How can so many candidates believe they have the Absolute Truth and the One and Only Answer to all of our country’s problem? How can each of them be right and all the others be wrong? Why do hostility, distrust and self-righteousness have to be the status quo for election years?

As the media and candidates spin their stories, I sit and spin (remember those?) and I’m sit and spindizzy. It makes one want to “hole up for the duration”; to turn off the news and hide every Facebook post that is political. There are some candidates or issues that bring a visceral response—my stomach hurts, my heart beats faster, I get tempted to respond or post my own political comments (likely, equally as uninformed as the post that pissed me off).

So why do I put myself through it? Why did I stay up late to see that, ultimately, a coin toss could determine who would be the Democratic “winner” of the Iowa caucuses? Why do I engage in political conversations that cause discomfort?

I have never been very political.  I would prefer to steer away from political conversations, even with issues I agree. Too often I find myself being the devil’s advocate because, well, that side needs defending too, right? Or I get so wound up (the sit and spin effect) because I know it’s not really a listening-kind-of conversation, but a trying-to-convince-me-of-something conversation. Political conversations seem so hopeless and people become so divided.spinning out of controlAB.jpg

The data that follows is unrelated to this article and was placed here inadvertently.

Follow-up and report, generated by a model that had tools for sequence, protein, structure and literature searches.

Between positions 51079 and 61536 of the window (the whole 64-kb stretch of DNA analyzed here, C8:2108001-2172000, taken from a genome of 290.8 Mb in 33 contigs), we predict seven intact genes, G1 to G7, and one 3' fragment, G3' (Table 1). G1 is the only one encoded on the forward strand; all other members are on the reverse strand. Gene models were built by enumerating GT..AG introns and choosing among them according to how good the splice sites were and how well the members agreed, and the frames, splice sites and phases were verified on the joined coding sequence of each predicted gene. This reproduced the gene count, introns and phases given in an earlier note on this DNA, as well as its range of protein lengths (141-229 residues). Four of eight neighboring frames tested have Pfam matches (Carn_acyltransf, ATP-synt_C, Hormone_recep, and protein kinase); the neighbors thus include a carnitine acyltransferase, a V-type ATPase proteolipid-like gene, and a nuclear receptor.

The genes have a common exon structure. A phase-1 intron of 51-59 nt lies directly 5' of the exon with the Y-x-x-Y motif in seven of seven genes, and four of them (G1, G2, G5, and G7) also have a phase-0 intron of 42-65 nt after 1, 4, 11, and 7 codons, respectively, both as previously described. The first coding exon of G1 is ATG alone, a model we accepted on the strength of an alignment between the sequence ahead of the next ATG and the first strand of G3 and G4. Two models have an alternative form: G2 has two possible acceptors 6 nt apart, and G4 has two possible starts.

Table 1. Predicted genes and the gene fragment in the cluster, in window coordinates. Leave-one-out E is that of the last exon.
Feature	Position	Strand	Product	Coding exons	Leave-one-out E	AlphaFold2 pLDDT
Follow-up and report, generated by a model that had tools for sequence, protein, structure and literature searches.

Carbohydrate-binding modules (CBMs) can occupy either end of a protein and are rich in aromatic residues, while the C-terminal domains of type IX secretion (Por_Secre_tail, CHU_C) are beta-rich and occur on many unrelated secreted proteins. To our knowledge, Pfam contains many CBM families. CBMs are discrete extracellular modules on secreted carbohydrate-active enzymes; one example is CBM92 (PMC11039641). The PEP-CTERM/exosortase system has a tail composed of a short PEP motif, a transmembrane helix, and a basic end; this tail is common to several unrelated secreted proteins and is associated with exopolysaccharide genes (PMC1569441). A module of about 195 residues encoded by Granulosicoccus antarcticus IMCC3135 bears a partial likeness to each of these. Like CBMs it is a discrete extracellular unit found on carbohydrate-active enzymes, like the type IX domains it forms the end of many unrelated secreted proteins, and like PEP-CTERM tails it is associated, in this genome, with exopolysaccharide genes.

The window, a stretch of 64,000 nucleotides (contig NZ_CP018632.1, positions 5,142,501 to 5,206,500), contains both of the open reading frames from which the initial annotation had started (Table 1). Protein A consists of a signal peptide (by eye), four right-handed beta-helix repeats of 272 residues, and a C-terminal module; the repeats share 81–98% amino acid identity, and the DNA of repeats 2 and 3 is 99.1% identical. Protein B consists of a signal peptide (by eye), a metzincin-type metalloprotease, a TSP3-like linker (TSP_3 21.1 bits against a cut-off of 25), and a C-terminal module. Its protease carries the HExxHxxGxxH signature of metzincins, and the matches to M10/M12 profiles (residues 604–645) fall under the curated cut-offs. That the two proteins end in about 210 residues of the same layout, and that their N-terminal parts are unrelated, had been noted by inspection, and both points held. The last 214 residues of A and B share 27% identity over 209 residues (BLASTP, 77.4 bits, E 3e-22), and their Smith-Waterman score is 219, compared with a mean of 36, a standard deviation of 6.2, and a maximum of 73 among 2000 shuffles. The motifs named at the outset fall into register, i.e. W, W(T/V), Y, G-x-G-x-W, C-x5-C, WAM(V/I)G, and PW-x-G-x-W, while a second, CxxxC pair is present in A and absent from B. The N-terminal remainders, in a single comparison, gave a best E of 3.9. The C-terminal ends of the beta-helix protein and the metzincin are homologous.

I don’t like disagreement. I don’t like conflict. I want everyone to get along. But I know that I contribute to this conflict as much as I want to avoid it. I have my opinions that I think are right just as much as the person who believes strongly in something different. But having a daughter with a Political Science major and a husband who loves 24/7 news does not allow me to escape the political scene.

Escape is not really a good option anyway: I want to be politically and socially aware, to be able to have an intelligent conversation and an opinion about the issues and candidates that impact our future.

“Though much of our political discourse is toxic, “politics” itself is not a dirty word. It’s the ancient and honorable effort to come together across our differences and create a community in which the weak as well as the strong flourish, love and power collaborate, and justice and mercy have their day.” -Parker Palmer, Breathing New Life into “We The People”

Election years do feel toxic. It feels like there isn’t a lot of community that is created (except with people who are already like-minded). Community implies cooperation with those not necessarily like us, to “come together across our differences”.  But it feels like there isn’t a lot of listening. There is more holding to an opinion, standing our ground on what we think “makes America great” (even though we don’t know what that means and the candidates don’t tell us what they will do to get us there either).

revolution.

“We need a revolution of tenderness.” –Pope Francis

We need “a political revolution to transform our country economically, politically, socially and environmentally.” –Senator Bernie Sanders